The Olympic Games are not about Athletics, they’re about Fashion and Politics.
I’ll be the second person in conversation (Pedro being the first, she’s often more angry) to tell you that about half the time Americans are down right stupid. They speak before thinking and never do the math. I try really hard not to be like that, and I’m pretty sure a lot of other Americans do too. But for some reason the only Americans that become politicians and national news anchors are the stupid, overly dramatic kind.
I say all this not to belittle my own country; I do really like it here and feel absolutely no need to live elsewhere. In fact I count myself lucky for many reasons. But why do people blow up about the dumbest things, while completely ignoring reality? Case in point, it was recently uncovered that the US Olympic opening ceremony outfits were not manufactured in the US. Harry Reid thinks the uniforms should be burned because of it. I bet half the cloths he was wearing in that interview weren’t made in the US.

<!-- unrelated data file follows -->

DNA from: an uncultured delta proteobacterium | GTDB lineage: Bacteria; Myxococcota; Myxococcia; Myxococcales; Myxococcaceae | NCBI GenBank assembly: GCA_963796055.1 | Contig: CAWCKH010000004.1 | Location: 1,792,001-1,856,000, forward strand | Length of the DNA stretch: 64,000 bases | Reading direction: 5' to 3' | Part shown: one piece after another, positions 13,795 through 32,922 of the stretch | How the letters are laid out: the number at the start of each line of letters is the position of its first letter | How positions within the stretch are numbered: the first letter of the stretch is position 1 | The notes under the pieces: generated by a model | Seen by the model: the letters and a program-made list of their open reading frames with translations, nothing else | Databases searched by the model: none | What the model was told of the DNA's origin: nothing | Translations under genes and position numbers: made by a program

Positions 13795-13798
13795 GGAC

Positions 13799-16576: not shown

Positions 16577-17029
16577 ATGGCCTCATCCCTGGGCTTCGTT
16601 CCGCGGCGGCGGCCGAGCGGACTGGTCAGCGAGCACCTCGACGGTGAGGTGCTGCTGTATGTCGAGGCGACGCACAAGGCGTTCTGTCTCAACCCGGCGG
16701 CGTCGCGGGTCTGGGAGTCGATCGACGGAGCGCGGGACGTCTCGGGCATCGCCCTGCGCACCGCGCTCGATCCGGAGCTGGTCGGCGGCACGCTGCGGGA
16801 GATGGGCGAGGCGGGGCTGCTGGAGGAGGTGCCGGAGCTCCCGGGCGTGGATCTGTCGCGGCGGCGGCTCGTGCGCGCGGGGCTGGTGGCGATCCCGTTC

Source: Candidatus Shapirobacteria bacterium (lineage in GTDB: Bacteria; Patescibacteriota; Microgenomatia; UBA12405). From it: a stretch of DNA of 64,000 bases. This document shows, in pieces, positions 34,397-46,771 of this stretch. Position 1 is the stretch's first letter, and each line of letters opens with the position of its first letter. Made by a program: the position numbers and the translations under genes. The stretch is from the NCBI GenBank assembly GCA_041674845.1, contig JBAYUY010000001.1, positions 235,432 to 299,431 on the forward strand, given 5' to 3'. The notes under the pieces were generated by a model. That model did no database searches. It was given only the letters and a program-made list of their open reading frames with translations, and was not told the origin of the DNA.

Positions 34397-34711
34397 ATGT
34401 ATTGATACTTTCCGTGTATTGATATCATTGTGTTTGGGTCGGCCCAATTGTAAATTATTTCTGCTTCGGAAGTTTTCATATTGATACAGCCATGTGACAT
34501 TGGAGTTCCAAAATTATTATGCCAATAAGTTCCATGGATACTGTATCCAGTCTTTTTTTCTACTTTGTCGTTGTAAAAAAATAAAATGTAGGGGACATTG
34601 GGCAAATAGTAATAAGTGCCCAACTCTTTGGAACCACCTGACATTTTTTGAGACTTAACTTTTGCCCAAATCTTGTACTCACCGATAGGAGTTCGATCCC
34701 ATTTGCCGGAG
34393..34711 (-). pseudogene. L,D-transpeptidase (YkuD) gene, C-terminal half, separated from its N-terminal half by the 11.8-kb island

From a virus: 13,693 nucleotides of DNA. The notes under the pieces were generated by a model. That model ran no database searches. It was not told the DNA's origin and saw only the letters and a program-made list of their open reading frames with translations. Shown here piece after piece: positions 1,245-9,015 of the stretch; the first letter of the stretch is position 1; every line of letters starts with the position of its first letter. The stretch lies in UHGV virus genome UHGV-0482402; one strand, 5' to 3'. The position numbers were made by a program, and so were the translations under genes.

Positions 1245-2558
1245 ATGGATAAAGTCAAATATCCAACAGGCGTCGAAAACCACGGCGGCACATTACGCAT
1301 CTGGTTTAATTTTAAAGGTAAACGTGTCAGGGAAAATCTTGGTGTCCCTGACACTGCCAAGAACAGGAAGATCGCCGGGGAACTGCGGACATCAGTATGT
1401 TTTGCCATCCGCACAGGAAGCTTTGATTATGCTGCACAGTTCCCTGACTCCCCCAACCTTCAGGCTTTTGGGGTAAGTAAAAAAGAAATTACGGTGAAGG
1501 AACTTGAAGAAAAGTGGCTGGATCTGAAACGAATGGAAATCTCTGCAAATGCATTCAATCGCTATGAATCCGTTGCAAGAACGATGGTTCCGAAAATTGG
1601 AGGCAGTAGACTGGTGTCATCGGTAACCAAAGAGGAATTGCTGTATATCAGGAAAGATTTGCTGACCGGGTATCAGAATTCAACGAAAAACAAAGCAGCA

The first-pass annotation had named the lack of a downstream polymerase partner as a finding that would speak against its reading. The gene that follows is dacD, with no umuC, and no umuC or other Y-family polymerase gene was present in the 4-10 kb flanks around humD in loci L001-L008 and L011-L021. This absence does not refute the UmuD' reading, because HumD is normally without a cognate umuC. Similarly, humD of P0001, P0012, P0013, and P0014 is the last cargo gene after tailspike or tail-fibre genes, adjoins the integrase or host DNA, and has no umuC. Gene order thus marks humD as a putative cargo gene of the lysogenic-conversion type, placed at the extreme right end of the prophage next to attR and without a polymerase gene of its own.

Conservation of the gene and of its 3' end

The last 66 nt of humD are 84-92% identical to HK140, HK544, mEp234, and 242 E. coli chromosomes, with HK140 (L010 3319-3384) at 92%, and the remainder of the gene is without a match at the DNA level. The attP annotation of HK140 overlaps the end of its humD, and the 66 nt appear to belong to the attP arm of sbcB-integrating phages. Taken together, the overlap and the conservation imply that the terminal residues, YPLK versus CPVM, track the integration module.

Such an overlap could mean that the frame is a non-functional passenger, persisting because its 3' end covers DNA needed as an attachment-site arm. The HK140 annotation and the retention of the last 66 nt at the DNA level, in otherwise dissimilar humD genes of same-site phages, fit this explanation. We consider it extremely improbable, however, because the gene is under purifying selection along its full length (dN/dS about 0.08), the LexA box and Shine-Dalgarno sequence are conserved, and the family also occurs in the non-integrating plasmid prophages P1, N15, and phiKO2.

I only bring this up because Fashionista did a great response article summing up exactly how I feel.
A Chicago Tribune Olympics writer added this to the argument: (via IHT) “Until the U.S. government starts providing funds for Olympic athletes, as every other government in the world does, Congress has no truck telling the U.S. Olympic Committee where to get its uniforms or where they should be made.”
I bet a good chunk of those outfits got donated to the Olympic Committee, so I doubt they were about to turn Ralph Lauren away. Also, how many US citizens do you think it took to design, pattern and sample those uniforms before they were sent to China to be manufactured? My guess is enough to make me happy.
And on top of that (I think before the China issue came up) Fox new’s stupidly said they didnt’ like the uniforms because beret’s aren’t American, they’re French? Hmm, what kind of hat has the US military been sporting for more than 50 years? A beret. Pretty sure the olympians can wear beret’s if the military can.